Straddling Bus

Topics: Road, Miles per hour, Public transport Pages: 2 (663 words) Published: February 27, 2011
A few months back, we read about plans for huge straddling buses in China. These buses are large enough to carry a number of passengers, and high enough to allow traffic to pass beneath them. Apparently, the test runs for the bus in China are not yet complete or even underway, but the huge buzz they generated has been enough for the creators to already set sight on the US of A. U.S. Elevated High-Speed Bus (Group) is looking for manufacturers, and representatives to sell the bus in the United States. The bus can carry 1200 passengers, and will ride on rails or yellow lines outside the traditional traffic lanes. Interesting as the concept may be, and the considering the conceptual gains in congestion and traffic the bus offers, we think it isn’t going anywhere until there are some “real” results to see.

Intro…..
Each 3D Fast Bus can carry over a thousand passengers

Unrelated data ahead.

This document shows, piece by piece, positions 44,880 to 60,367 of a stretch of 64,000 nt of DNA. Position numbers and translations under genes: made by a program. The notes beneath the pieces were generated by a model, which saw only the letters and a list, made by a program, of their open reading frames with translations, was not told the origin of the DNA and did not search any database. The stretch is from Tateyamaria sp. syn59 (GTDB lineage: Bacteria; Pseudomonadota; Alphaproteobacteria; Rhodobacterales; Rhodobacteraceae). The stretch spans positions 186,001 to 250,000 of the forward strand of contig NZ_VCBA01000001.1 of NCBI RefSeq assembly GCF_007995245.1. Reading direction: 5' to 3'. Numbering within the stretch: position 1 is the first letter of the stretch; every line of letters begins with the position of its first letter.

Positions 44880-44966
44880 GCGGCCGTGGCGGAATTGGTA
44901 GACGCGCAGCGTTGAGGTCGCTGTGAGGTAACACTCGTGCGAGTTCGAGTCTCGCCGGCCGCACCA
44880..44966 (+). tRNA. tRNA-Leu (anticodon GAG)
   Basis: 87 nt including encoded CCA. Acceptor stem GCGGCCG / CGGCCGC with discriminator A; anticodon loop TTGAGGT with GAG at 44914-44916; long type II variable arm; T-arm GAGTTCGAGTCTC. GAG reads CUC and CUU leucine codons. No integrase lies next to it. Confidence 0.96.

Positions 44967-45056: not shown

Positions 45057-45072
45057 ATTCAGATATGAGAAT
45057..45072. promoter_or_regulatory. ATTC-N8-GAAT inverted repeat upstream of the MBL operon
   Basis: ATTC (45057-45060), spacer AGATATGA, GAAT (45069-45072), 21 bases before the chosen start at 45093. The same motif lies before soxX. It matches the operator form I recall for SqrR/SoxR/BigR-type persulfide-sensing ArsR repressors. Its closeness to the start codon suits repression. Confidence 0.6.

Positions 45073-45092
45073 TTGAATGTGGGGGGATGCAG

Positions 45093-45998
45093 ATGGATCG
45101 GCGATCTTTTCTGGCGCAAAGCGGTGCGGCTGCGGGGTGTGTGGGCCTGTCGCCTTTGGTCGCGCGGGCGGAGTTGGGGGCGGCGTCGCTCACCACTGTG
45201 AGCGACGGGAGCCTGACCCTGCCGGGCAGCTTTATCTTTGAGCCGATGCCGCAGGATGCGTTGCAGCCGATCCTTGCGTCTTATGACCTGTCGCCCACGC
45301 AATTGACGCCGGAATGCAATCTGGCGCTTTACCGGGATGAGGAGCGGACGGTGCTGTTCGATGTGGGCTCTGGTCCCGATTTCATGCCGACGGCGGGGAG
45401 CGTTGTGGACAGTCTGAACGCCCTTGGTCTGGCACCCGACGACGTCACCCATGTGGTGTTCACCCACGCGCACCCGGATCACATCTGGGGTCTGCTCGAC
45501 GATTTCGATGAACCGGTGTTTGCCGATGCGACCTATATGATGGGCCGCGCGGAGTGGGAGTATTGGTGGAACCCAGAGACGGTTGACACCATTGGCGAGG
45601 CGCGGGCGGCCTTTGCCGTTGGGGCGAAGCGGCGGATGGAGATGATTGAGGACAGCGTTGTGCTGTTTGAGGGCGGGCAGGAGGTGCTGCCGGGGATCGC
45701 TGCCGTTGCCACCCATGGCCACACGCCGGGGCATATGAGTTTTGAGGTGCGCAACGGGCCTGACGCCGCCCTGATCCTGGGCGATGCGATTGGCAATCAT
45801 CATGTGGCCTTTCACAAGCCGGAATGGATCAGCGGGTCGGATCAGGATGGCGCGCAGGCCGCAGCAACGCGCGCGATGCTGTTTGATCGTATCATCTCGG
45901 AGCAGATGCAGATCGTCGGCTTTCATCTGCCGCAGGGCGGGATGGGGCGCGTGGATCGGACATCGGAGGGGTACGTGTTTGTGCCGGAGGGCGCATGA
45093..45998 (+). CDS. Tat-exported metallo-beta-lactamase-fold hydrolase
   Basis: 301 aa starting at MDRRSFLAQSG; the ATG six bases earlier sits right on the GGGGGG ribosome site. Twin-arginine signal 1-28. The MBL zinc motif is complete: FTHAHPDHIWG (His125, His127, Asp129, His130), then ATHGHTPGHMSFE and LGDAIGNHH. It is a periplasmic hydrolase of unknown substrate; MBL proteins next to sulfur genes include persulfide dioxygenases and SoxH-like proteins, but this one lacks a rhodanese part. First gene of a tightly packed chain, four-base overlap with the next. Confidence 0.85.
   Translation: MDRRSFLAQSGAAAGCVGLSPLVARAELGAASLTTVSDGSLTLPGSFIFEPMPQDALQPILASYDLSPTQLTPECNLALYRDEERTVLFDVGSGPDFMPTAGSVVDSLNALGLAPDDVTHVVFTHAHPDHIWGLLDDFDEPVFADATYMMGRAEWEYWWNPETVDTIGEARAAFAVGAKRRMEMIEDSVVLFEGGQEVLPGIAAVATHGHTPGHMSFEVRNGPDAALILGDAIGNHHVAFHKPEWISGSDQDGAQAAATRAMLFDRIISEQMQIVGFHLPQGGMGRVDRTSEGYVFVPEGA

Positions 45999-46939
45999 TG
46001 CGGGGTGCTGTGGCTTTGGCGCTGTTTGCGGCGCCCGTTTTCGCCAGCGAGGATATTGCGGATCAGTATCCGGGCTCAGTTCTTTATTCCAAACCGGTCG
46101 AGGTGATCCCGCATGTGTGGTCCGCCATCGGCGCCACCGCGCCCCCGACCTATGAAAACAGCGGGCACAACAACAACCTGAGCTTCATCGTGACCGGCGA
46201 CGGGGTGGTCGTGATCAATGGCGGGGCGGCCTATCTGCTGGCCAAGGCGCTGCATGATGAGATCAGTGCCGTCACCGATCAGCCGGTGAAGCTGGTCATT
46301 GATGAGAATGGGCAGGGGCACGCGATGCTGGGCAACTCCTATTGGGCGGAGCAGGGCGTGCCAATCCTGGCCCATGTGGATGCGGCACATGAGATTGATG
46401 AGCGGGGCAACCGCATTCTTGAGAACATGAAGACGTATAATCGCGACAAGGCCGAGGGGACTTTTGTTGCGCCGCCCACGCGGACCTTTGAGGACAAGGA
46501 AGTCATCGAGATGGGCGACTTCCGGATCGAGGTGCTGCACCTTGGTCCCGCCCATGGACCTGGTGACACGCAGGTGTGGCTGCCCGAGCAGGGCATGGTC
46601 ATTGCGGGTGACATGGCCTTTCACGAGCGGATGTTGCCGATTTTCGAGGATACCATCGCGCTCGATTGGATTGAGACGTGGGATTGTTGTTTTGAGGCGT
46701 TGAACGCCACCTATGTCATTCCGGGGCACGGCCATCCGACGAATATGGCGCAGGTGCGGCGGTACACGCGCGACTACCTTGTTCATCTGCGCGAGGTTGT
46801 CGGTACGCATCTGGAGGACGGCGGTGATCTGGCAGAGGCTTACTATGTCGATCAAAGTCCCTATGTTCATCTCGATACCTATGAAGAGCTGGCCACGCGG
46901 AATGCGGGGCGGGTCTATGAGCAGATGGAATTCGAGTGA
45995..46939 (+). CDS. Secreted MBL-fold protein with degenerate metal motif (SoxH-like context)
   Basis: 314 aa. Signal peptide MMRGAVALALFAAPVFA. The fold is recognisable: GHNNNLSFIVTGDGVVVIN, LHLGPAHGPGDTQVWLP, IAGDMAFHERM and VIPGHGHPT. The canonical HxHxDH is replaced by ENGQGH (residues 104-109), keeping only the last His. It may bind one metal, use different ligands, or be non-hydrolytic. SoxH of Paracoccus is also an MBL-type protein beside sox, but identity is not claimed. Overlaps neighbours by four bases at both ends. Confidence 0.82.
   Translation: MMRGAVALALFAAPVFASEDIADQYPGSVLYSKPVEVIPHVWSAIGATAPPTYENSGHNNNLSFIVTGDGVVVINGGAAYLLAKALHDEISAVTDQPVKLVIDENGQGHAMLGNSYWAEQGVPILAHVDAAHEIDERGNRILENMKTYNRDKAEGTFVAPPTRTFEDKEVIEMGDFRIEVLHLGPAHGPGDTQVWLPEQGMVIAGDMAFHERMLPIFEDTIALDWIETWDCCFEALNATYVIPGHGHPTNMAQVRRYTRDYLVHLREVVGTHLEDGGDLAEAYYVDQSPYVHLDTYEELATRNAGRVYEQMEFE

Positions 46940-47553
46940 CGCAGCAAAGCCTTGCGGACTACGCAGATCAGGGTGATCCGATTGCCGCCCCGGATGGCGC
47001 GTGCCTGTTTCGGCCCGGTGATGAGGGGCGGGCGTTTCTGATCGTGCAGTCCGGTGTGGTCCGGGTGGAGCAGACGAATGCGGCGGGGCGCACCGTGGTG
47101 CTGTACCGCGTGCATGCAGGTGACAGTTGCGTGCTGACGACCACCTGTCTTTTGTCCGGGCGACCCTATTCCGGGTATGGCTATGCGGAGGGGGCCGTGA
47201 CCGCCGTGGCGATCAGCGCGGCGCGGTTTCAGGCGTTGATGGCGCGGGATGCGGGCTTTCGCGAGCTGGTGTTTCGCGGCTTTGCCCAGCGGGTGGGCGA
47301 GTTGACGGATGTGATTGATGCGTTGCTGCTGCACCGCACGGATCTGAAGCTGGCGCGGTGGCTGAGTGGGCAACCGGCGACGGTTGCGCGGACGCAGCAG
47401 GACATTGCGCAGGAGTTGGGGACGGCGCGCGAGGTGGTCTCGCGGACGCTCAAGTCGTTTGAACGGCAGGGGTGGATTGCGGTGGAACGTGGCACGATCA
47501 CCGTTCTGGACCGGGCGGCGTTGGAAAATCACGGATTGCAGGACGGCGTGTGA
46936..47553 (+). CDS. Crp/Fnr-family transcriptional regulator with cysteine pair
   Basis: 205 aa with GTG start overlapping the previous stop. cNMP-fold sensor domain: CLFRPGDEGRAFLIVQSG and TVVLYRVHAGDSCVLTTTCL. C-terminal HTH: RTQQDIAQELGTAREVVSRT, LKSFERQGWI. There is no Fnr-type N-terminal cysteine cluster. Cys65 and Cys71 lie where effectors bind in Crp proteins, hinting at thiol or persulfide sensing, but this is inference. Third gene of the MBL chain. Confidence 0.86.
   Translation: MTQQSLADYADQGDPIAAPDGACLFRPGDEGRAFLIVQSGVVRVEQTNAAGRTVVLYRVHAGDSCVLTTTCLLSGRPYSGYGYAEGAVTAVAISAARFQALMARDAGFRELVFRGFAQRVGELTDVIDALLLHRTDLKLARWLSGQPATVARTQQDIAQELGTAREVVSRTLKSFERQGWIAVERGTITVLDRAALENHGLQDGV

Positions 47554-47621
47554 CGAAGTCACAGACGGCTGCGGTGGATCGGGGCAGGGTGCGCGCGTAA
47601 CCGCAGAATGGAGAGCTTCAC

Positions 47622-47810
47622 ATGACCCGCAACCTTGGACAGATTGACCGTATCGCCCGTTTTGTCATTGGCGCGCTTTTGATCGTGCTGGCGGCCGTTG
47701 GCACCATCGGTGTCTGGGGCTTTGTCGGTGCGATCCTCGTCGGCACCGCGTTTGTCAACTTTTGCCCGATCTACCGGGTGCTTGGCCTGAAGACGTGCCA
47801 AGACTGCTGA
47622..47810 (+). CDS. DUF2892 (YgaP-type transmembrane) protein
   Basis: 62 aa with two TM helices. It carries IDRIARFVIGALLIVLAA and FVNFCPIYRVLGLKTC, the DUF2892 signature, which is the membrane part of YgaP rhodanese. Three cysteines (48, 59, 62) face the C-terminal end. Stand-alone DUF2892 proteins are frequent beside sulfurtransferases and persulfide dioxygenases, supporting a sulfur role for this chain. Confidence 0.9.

Public transit in a metropolitan area is all about balance; if there aren't enough public transit options, too many people choose to drive, clogging roadways and adding to pollution. But trains are expensive (and, if above-ground,contributors to traffic) and adding more buses to the road can magnify traffic woes further. Enter the 3D Fast Bus, a futuristic concept vehicle that carries passengers above street level, straddling the lanes below so traffic can pass freely underneath. Chinese company Shenzhen Hashi Future Parking Equipment Co. came up with the idea, which is more like a massive double-wide tram than a bus, with a fixed route and physical connection to the city's municipal power grid. Running on solar power gathered from its rooftop supplemented with grid energy, the "Fast Bus" is expected to top out just shy of 40 miles per hour, so it's not ideal for long treks. But for intra-city travel in large, dense metropolises like those common in urban China, the 1,200-passenger 3D Fast Bus could be a feasible solution, far-fetched though it may seem. The Chinese are developing a bus, called a...
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